Founded in 1865 with an endowment from canal and railroad magnate Asa Packer, markerLehigh University became the first college in the Commonwealth to offer a science-based program of study combined with a classical education. There, markerJohn F. FritzĀ  in 1909 funded and designed a state-of-the-art engineering laboratory for testing steel, cement, and concrete. Established colleges, including the University of Pittsburgh and the University of Pennsylvania, received large infusions of money to expand their curricula in science and engineering, and were joined by new technical schools, including the Drexel Institute of Art, Science, and Industry (1891), the Carnegie Technical Institute (1900), and the Mont Alto Forest Academy (1903). By the late 1800s, most scientists and inventors had received a college education and worked in research laboratories or in large, innovative machine shops.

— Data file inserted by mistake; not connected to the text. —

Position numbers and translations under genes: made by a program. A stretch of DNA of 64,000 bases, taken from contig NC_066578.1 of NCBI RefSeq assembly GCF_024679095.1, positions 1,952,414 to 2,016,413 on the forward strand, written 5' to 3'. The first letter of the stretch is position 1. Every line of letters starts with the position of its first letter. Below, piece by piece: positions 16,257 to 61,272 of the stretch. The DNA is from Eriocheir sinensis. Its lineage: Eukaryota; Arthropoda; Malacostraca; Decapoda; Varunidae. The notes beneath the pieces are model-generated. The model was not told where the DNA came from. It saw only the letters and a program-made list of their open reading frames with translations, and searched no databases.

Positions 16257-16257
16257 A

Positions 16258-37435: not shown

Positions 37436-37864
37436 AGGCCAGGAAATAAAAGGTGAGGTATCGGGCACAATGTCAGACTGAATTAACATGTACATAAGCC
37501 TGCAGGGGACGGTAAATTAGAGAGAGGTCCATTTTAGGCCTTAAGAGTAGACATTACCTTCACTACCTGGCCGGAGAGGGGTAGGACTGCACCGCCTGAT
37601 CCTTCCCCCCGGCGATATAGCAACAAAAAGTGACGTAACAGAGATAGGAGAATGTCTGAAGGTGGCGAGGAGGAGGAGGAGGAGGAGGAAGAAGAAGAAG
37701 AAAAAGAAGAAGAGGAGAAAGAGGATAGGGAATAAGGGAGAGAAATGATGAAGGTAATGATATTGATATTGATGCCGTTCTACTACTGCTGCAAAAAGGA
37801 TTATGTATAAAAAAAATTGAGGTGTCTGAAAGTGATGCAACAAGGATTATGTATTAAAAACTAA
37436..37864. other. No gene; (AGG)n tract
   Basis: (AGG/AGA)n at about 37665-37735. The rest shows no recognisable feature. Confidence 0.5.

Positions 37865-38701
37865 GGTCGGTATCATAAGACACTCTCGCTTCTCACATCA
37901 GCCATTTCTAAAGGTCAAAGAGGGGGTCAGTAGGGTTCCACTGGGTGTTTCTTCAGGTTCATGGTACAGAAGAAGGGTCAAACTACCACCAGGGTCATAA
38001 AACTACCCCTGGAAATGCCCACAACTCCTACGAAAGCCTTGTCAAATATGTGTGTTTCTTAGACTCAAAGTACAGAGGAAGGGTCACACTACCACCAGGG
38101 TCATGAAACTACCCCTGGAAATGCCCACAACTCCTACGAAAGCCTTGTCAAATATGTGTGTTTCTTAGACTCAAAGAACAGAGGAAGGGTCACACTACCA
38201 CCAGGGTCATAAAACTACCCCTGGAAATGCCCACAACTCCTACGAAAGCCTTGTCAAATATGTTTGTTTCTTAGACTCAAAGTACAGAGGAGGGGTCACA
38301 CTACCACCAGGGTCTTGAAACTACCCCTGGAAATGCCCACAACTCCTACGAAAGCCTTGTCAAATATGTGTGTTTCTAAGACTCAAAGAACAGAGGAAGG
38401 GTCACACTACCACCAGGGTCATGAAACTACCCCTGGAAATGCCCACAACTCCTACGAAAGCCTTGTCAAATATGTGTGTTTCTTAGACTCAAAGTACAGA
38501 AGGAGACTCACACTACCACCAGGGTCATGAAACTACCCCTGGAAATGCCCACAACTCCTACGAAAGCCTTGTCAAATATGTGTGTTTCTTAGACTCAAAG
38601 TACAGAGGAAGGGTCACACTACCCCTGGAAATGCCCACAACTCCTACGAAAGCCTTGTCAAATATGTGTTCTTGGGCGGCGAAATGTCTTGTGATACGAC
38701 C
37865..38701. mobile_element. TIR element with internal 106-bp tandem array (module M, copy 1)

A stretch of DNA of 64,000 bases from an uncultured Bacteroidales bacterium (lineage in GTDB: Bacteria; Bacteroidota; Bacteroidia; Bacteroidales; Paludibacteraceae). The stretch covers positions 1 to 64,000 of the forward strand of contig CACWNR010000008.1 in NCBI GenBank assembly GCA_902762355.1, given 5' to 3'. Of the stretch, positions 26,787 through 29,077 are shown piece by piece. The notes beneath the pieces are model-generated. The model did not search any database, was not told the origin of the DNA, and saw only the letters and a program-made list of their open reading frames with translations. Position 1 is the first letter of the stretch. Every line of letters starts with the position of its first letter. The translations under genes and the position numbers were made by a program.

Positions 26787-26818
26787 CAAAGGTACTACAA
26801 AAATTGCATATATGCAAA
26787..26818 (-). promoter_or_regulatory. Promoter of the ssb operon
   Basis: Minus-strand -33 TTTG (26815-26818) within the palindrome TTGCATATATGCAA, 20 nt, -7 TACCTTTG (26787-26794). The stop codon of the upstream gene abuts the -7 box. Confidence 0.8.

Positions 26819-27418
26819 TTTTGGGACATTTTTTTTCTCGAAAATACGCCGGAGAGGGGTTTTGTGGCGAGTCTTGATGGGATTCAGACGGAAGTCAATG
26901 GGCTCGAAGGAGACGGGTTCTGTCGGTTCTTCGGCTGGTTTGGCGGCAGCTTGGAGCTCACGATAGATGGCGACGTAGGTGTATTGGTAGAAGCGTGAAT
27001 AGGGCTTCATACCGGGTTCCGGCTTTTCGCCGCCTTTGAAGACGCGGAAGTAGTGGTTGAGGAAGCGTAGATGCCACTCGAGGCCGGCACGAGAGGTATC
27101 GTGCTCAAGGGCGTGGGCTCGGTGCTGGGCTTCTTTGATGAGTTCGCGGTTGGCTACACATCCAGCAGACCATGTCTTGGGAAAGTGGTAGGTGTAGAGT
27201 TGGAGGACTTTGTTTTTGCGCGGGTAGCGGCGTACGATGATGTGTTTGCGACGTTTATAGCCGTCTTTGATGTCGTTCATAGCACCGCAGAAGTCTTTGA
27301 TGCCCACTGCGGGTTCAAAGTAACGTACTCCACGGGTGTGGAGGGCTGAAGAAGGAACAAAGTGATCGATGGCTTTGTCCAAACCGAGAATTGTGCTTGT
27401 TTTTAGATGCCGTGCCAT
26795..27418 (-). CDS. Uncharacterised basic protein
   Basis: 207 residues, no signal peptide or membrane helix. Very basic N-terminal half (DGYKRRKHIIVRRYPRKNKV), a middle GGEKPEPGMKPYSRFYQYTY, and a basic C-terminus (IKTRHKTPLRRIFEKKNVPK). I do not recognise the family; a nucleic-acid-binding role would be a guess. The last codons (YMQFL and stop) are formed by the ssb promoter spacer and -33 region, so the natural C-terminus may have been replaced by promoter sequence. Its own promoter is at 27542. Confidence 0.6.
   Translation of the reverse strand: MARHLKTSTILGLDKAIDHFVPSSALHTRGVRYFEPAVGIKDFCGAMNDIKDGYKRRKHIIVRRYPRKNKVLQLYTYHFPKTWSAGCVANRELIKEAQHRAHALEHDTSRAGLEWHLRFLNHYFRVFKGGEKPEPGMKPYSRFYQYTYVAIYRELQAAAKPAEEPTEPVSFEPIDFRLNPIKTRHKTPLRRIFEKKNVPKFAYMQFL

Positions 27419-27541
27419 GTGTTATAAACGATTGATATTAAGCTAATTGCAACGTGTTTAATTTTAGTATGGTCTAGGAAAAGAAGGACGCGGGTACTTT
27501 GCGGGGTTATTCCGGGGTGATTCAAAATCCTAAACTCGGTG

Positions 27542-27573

John Brashear, standing next to the coal shed where he first began work on telescope lens in the early 1870s, Pittsburgh, PA, 1913.
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John Brashear, standing next to the coal shed where he first began work on telescope...
Pennsylvania's shops and mills were also centers of innovation, and trained a vast pool of young men in an extraordinary range of skills. Although he had little formal education, Pittsburgh machinist markerJohn Brashear, in the 1870s crafted telescope lenses of unprecedented quality in an coal shed attached to the back of his house, then went on to become a world-renowned astronomer and maker of exquisitely precise telescopes. Brashear found a sponsor in Pittsburgh businessman William Thaw, who also underwrote the construction of the markerAllegheny Observatory. On the hills of Chester County, farm implement manufacturer Samuel Leads Allen in the 1880s invented the markerFlexible Flyer snow sled.